Does ageing call for a reform of the health care sector?

Research output: Contribution to journalArticleScientificpeer-review

Abstract

A popular view is that ageing populations increase health expenditure to GDP ratios because health expenditure correlates positively with age and because the concomitant shrinking of the labour force depresses GDP. The resulting increase in transfers from the young to the old then calls for a reform of health care policies. This article critically examines the arguments underlying this view. It gives credit to factors that counteract the expenditure effect, the effects upon health care market and labour market distortions and the effects upon intergenerational solidarity. Although important, these factors are found to have insufficient weight to invalidate the popular view.
Original languageEnglish
Pages (from-to)1-31
JournalCESifo Economic Studies
Volume52
Issue number1
Publication statusPublished - 2006

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health expenditure
health care
expenditures
Gross Domestic Product
reform
aging population
health
labor force
labor market
solidarity
expenditure
credit
market
effect
Healthcare
Health expenditures
Factors

Cite this

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title = "Does ageing call for a reform of the health care sector?",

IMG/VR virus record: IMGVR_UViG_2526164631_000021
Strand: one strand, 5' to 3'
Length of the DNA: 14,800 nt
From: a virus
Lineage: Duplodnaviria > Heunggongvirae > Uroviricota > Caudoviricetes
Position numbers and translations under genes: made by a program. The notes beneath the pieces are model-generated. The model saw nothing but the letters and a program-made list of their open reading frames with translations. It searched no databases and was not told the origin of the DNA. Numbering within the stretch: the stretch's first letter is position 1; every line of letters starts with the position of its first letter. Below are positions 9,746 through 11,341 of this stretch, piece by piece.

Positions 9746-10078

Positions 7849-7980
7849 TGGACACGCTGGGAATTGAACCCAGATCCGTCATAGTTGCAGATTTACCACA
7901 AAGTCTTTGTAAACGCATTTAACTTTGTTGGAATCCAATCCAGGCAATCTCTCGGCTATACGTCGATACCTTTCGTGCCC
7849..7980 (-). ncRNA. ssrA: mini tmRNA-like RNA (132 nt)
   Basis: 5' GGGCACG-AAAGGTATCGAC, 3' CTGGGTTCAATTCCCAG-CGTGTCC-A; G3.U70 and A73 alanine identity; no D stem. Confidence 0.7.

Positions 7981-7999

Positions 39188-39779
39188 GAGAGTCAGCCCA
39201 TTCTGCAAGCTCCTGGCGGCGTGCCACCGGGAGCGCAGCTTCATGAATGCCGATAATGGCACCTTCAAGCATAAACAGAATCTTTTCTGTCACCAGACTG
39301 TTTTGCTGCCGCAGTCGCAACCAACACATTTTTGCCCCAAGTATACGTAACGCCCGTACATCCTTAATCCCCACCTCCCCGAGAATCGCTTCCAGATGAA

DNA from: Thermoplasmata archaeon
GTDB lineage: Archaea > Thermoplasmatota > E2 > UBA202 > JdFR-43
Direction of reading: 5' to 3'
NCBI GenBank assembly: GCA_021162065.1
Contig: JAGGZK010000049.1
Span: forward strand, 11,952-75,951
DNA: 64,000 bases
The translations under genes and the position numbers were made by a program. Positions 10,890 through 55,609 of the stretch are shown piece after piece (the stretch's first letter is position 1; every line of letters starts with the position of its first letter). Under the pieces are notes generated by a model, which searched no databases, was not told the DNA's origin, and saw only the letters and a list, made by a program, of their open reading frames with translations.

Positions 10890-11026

abstract = "A popular view is that ageing populations increase health expenditure to GDP ratios because health expenditure correlates positively with age and because the concomitant shrinking of the labour force depresses GDP. The resulting increase in transfers from the young to the old then calls for a reform of health care policies. This article critically examines the arguments underlying this view. It gives credit to factors that counteract the expenditure effect, the effects upon health care market and labour market distortions and the effects upon intergenerational solidarity. Although important, these factors are found to have insufficient weight to invalidate the popular view.",
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Does ageing call for a reform of the health care sector? / Westerhout, Ed.

In: CESifo Economic Studies, Vol. 52, No. 1, 2006, p. 1-31.

Research output: Contribution to journalArticleScientificpeer-review

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AB - A popular view is that ageing populations increase health expenditure to GDP ratios because health expenditure correlates positively with age and because the concomitant shrinking of the labour force depresses GDP. The resulting increase in transfers from the young to the old then calls for a reform of health care policies. This article critically examines the arguments underlying this view. It gives credit to factors that counteract the expenditure effect, the effects upon health care market and labour market distortions and the effects upon intergenerational solidarity. Although important, these factors are found to have insufficient weight to invalidate the popular view.

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